At sea at night
we smell hulking ships
miles before
we see their lights.

Are they coming or going?
Will they cross our path?
Green and red and white
dance against the black
while rushing velvet water
against the hull, slaps.

Radar screen
glowing green
offers little support
and radio silence
fails to report.

I grab the mouthpiece
to hail the captain,
across the airwaves I repeat:
“This is SV Fellowship
northbound vessel to your starboard.”

“Do you see us?”
“Do you copy?
Over …”

We sleep in our life vests at night
because the ocean is a serious thing

and there is a reason why
I avoid rollercoasters.

Bedtime stories at sunset offshore

Bedtime stories at sunset offshore

Beach Nap

27 Apr

The terry cloth
has got my back.
Salt air fills my nose.
The children play in stereo sound.
Waves crash from ear to ear
in the background.
Parts of my skin
feel warmer than others.
The fresh breeze mitigates the burn.
The words dance before me,
and are all topsy-turvy
on the page
I have no strength to turn.
My eyelids feel heavy,
my arms go slack,
as I slip,
I surrender,
to the inevitable
beach nap.


Children running on the beach.

Goodbye, Jersey

17 Apr

Goodbye, Jersey

(inspired by Goodnight, Moon, by Margaret Wise Brown.)

The sun is high
The air is still
And everything that will be,
Cars racing on the GSP
and the lady conductor asking, “tickets, please.”

Summer, trees, hydrangeas
Cool ocean breeze and jughandles
Every town in descending order,
and memories calling
from every corner

Goodbye, Jersey
Goodbye, Shore
Goodbye all the Wawa stores

Rt 35 & 36
Radio stations’ eclectic mix
Beginning in Red Bank, on the Navesink River
and traipsing around the state together,

Gingerbread houses in Ocean Grove
Twin Lights beaming from above,
Like an old, cherished love,
“You have not changed!”
(never will!)
Yet, the train moves forward, still.

Goodbye, Jersey
Goodbye, Al
Goodbye horses, farms, and cows
Goodbye ocean breeze, and salty air
and Jersey Girls everywhere.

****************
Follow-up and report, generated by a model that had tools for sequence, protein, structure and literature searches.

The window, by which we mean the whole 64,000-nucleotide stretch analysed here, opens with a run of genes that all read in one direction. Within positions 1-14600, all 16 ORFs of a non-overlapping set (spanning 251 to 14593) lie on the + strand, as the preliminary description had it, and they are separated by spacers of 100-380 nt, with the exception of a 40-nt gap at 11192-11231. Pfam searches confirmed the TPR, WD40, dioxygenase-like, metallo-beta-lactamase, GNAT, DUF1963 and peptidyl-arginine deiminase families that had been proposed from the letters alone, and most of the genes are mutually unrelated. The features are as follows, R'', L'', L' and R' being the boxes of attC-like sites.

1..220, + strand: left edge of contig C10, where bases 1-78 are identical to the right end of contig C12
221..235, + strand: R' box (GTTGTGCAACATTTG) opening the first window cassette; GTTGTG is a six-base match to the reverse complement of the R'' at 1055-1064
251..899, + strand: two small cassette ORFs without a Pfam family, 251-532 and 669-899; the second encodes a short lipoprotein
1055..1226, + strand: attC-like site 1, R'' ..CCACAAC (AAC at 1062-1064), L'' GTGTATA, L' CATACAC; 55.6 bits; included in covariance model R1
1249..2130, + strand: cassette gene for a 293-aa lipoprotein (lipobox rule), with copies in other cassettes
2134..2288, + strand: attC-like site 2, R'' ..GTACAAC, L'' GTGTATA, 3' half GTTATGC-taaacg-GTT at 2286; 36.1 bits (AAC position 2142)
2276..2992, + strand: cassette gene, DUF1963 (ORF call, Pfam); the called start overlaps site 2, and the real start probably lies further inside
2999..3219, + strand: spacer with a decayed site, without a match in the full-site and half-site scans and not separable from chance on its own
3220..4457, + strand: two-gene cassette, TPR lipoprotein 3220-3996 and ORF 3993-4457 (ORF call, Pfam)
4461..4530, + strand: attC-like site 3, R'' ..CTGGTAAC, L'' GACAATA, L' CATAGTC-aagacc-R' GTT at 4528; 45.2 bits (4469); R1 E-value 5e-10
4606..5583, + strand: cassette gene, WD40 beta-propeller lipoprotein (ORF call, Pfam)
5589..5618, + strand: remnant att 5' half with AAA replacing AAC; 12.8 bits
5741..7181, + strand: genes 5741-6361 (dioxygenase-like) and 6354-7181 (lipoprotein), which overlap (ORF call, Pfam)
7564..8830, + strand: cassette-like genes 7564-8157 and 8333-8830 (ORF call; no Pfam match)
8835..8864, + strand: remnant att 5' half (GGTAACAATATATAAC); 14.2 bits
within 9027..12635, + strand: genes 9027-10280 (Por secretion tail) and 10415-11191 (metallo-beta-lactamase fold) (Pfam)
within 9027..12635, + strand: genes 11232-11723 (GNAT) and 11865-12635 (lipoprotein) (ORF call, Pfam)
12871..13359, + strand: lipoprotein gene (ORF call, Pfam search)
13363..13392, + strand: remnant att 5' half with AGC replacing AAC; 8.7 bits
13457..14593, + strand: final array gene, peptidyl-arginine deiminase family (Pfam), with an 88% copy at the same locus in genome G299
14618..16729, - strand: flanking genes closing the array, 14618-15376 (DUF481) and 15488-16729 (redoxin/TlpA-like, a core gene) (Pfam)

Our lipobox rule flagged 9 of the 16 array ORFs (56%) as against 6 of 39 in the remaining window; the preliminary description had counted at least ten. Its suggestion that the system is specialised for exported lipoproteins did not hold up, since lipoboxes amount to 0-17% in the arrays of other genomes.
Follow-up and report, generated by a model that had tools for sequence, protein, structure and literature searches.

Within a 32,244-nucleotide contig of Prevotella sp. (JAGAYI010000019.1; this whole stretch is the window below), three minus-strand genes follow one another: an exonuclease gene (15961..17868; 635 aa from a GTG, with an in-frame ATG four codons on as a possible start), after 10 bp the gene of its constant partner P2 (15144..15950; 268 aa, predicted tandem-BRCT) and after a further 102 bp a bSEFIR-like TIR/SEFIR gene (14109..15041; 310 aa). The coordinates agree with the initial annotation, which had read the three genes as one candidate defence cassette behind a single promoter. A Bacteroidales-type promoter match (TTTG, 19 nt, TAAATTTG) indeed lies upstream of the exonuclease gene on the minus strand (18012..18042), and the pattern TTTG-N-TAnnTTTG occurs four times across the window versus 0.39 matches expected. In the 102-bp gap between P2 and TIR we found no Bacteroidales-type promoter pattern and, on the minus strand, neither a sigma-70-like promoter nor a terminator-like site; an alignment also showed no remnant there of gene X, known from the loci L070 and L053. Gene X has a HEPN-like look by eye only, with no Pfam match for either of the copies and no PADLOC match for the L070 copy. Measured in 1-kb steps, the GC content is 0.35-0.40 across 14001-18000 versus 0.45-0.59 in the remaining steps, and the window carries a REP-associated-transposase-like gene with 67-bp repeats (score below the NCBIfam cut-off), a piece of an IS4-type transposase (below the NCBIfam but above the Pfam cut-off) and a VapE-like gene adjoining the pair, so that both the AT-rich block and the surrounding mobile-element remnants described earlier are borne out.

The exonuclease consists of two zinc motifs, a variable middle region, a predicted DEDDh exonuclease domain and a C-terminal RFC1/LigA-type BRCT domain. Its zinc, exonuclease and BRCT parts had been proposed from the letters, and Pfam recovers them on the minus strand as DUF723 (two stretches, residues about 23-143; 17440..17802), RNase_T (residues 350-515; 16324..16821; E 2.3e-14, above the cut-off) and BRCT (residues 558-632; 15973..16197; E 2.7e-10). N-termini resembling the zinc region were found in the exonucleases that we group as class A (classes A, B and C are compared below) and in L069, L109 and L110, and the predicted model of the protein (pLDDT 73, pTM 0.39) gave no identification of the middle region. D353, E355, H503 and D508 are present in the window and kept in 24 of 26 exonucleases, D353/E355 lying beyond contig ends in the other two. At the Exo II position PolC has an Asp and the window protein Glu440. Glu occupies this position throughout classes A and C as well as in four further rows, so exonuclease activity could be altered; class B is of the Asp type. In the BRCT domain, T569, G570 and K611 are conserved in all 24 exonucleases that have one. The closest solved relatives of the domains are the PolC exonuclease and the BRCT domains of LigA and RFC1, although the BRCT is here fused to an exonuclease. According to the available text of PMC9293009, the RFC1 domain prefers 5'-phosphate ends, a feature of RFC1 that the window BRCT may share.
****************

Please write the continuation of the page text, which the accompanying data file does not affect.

Copyright 2012 Lupe Eyde-Tucker. All rights reserved.

Ocean Grove, NJ

Ocean Grove, NJ

I did not write ‘Goodbye, Jersey’ during NaPoWriMo 2013. I wrote it last summer after visiting New Jersey, specifically MoCo, and reconnecting with friends and places where I grew up. It was a great trip, and on the last day, as I was waiting for the train from Red Bank to take my mother and I to Newark Airport, all of the sudden the first lines of this poem just popped into my head, and I started writing it, literally on the train schedule. As we took our seats, verses and phrases kept coming to me, and I pulled out my notebook and started just writing it all out. It was a spontaneous poetic moment which I am still awed by. A couple of months later the entire state was slammed by Superstorm Sandy, and Monmouth County was devastated.

Saturday Walk

14 Apr

Saturday walk
through the neighborhood
skipping, meandering, twirling
down the street.
5 explorers and 2 guides.

“Look at that!”
“I wonder why? …”
Questions materialize
out of thin air,
as leaves flutter down
randomly onto heads.

A neighbor’s dog barks ferociously
at our approaching party.
“Shut up dog!” a brave explorer said.
“Good dog,” I call out, encouragingly.
“He’s only doing his job,” I say.
Transfixed by the perfume
of a tree in bloom,
we continue slowly on our way
(and they don’t hate him anymore,
because I am a guide).


Dialogue – Weekly Writing Challenge